Monthly Archives: April 2012

I need a checklist!

Stefano and I spent the past couple of days (it’s a long weekend here in Italy) bird watching in two different bird reserves. On Saturday we went to the Parco della Piana, a public park…a real paradise for birdwatchers because the birds aren’t afraid but come very close to the huts…it’s located in the municipality of Sesto Fiorentino, just outside of Florence…

And yesterday we went to the WWF “Oasi di Gabbianello,” north of Florence, near Barberino di Mugello, for those familiar with Tuscany…(I’ve posted photos from both reserves here on the blog, incidentally, so if you’d like to see more bird photos, just do a Search of my blog.)

On Saturday we were in a bit of a hurry to leave the house, so I didn’t check my camera bag, as I normally do. Mistake! When we arrived at the Parco della Piana and settled in one of the bird watching huts that has a lovely a view of the lake (and the birds), I realized that my camera battery was blinking on “low.”

Ah well, no problem, I thought! I began fishing around in my camera bag but, to my absolute horror!, I discovered that I didn’t have any extra batteries…not even ONE. I’d left them all at home…

And that’s why I need a camera bag CHECKLIST, you see! 😉

I mean, there they were, all those splendid waders and water birds, right in front of me, providing photo ops that would have delighted any professional nature photographer. For instance:

  • A little grebe mamma feeding and teaching her three noisy chicks…(no photos, sorry.)
  • A white heron harassing a pair of black-winged stilts that had just finished building their nest…they were angrily flying around the heron, trying to shoo it away…photo no. 1, top left. The best I have.
  • Another female black-winged stilt who was already keeping her eggs warm on a nearby “island”…photo no. 2, right.
  • A great crested grebe swimming practically at our feet…photo no. 3, here on the right.

And I…I didn’t have an extra camera battery…

Blink blink blink.

Aaaaaaaaaaaaaaaaaagh!!!!!!!!!!!!!! 

I did manage to take several photos before my battery kicked the bucket…but I have to admit at being very disappointed (and a tad envious!) just sitting there and watching the birds (some came sooo close!)…and listening to Stefano’s camera going tatatatatatata! Sigh…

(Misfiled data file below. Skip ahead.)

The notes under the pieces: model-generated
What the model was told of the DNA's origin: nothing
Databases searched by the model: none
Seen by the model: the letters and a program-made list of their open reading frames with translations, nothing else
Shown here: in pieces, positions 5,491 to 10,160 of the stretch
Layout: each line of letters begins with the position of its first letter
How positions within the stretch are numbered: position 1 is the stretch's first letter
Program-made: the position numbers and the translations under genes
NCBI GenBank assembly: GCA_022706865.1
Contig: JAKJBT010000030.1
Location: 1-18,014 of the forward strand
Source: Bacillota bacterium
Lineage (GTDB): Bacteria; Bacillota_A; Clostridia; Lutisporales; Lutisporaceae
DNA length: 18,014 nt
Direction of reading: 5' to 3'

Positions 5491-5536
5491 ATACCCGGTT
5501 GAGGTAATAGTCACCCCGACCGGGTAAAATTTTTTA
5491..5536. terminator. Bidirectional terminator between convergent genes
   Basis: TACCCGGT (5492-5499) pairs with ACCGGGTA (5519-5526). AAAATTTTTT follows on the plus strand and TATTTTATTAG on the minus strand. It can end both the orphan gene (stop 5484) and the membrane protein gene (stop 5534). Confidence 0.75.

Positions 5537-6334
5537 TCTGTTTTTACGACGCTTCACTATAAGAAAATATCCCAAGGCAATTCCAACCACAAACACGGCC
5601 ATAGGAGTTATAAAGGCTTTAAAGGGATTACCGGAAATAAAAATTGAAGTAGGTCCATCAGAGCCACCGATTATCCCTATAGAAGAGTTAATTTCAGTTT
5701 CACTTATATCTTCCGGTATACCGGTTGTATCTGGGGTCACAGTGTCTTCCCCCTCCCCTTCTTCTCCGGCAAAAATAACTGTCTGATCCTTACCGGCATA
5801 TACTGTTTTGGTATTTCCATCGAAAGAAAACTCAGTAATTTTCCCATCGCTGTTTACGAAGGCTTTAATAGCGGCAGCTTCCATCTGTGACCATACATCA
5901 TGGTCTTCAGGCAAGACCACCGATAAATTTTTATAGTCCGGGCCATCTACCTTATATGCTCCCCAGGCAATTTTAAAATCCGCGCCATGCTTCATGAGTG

Anyway, that was Saturday…

On Sunday, with my camera bag CHOCK FULL of extra batteries, we spotted fewer birds (at Gabbianello). Typical…

But, and this was terribly exciting!!!, we did catch sight of, and manage to photograph, two new (new to us, that is!) birds:

  1. a ruff, which in Italian is called “combattente” (=literally, “fighter”; see http://goo.gl/4alQG). See photo no. 5, bottom left. 
  2. a squacco heron (“sgarza ciuffetto,” in Italian; see http://goo.gl/A9Tg5). We’d seen a squacco heron at Gabbianello on one other occasion but didn’t know what it was back then. Now we do (sort of). Let me tell ya, a squacco heron isn’t that easy to spot unless you see it in flight (it has easy-to-detect white wings) and manage to follow it until it lands…That’s how Stefano first spotted it, in fact. Okay, now you can play my “spot the bird!” game–try to see where the squacco heron is in photo no. 4, just above, on the right. See what I mean??? Good luck! 😉 

Whenever and wherever we go birding, we bump into Fabio (you can view his photos here (not for sale, btw): http://goo.gl/L1bp0), a very friendly, cheerful and knowledgeable birdwatcher. In fact, Fabio identified the ruff for us on Sunday. It’s really handy to have friends like Fabio when you’re a birding beginner, let me tell ya! :)

Stefano and Fabio get along famously, since they both know everything there is to know (I mean that!) about camera equipment. While I’m checking out the birds on the lake, they begin blabbing about lens aperture, pixels, shutter speed, noise blablablabla. I tune it all out…